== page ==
A Failed Census Would Harm America
Enshrined in the Constitution, the census is among the federal government's most fundamental responsibilities. It is also one the government is perilously close to flunking, unless Congress and the administration act now.
The decennial census is arguably the most important data set the government produces. It determines how many representatives each state sends to Washington, who sends them there, and how much Washington sends back in funding for federal programs. It informs decisions about public and private spending, on everything from roads and schools to hospitals and supermarkets.
Yet the 2020 Census is already in deep trouble. The Census Bureau has fallen behind on plans that would use new technology -- including aerial mapping and online questionnaires –- to bring the exercise into the 21st century. Underfunding has forced it to forego research and field tests crucial to ensuring that it reaches all Americans, including hard-to-count groups such as immigrants and minorities. To complicate matters, the bureau’s director quit in May.
A botched census would benefit no one. A count that lacked the resources to reach the inner-city poor would also miss rural dwellers, affecting Democratic and Republican constituencies alike. Bad population estimates could give municipalities across the country grounds to sue the bureau. Worst of all, the failure to fulfill such a basic responsibility would undermine confidence in government.
People across the political spectrum recognize the danger. Commerce Secretary Wilbur Ross has appealed to Congress for an added $3.3 billion through 2020 to complete the census. U.S. Representative Carolyn Maloney, a New York Democrat, has introduced a bill that would provide even more immediate funding. Two former Census directors, from Democratic and Republican administrations, have urged action.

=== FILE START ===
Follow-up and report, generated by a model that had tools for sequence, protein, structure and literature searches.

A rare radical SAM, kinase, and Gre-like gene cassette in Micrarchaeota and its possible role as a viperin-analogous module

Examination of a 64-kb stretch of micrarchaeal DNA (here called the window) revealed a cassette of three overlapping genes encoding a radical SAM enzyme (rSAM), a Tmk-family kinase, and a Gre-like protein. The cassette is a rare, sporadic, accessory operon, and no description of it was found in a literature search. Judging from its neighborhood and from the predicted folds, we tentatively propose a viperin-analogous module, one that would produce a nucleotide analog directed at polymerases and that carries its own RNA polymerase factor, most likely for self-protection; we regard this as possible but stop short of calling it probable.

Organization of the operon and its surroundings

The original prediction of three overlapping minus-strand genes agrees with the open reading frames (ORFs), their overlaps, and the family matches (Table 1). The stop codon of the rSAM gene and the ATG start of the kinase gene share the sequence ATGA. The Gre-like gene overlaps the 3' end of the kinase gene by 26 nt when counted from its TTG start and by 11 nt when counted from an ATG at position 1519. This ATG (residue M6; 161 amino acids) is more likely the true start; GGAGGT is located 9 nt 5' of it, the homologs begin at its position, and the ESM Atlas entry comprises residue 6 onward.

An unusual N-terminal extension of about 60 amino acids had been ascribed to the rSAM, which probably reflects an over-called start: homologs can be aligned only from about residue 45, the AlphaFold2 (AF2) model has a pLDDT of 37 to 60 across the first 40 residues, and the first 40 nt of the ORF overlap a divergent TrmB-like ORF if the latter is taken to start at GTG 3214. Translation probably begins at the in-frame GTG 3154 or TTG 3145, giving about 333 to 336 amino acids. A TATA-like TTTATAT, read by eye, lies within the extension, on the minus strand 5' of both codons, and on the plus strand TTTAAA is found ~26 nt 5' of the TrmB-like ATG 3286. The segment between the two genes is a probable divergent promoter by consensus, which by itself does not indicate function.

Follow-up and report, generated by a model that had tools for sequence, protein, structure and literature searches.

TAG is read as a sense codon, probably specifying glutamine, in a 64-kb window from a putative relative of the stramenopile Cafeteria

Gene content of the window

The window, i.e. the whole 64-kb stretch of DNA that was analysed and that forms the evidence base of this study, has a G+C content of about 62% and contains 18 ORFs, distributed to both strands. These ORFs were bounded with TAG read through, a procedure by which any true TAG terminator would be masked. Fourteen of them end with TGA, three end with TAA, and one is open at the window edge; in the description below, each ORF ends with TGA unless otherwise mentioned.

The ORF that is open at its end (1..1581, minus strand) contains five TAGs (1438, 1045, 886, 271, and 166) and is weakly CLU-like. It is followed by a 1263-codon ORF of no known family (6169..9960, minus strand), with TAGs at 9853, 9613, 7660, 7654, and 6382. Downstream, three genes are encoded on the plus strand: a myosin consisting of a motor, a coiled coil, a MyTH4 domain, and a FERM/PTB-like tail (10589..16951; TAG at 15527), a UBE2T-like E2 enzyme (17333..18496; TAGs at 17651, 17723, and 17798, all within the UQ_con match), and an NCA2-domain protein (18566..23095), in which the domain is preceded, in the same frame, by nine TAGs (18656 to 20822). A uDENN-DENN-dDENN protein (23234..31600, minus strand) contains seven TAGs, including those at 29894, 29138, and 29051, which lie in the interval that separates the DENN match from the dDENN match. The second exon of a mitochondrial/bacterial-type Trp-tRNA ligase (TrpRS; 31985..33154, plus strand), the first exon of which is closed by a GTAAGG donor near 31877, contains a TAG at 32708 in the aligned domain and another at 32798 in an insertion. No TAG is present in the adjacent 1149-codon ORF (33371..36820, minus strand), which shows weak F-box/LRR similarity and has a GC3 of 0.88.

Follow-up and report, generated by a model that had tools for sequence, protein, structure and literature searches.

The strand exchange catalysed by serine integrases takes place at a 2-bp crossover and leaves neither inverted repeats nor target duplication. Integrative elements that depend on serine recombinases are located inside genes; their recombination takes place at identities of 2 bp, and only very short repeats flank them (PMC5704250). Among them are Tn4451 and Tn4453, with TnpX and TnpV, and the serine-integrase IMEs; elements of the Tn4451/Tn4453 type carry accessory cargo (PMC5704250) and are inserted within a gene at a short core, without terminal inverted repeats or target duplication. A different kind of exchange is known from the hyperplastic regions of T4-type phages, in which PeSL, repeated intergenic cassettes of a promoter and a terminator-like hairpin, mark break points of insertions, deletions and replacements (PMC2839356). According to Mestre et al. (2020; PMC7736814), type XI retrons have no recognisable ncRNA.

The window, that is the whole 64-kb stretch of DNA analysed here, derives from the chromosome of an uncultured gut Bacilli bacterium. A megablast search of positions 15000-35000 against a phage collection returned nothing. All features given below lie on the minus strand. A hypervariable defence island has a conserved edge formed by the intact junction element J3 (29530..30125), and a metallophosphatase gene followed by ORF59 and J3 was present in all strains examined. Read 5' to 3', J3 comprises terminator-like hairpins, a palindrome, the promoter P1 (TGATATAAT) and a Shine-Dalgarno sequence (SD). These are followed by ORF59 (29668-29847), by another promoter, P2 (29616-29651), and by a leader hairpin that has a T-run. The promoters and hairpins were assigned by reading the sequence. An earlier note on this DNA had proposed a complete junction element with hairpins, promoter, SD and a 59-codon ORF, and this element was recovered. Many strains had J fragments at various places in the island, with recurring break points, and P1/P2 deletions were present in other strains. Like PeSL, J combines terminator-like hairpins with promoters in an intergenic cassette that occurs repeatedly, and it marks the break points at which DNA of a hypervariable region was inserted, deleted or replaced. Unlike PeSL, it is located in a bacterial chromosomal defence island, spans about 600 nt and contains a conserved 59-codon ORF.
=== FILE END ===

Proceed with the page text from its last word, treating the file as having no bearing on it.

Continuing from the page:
Even if it gets the money, Census will still need a capable leader. Instead of seeking a qualified director, however, the administration is reportedly considering Thomas Brunell, a Texas political science professor with no government experience, for the separate position of deputy director. That person oversees the day-to-day operations of the bureau and, crucially, does not require Senate confirmation. Brunell, who has served as an expert witness in support of Republican redistricting efforts, does not have the background typical for the position.
Judging from its approach to data on climate and crime, the current administration does not place a high priority on transparency and reliability. But bungling the census would represent a whole new level of incompetence -- one that would not only render many of the president's own voters invisible, but also skew policy for at least a decade. Does Donald Trump really want to be remembered as the president who oversaw a failed census?
--Editors: Mark Whitehouse, Michael Newman.
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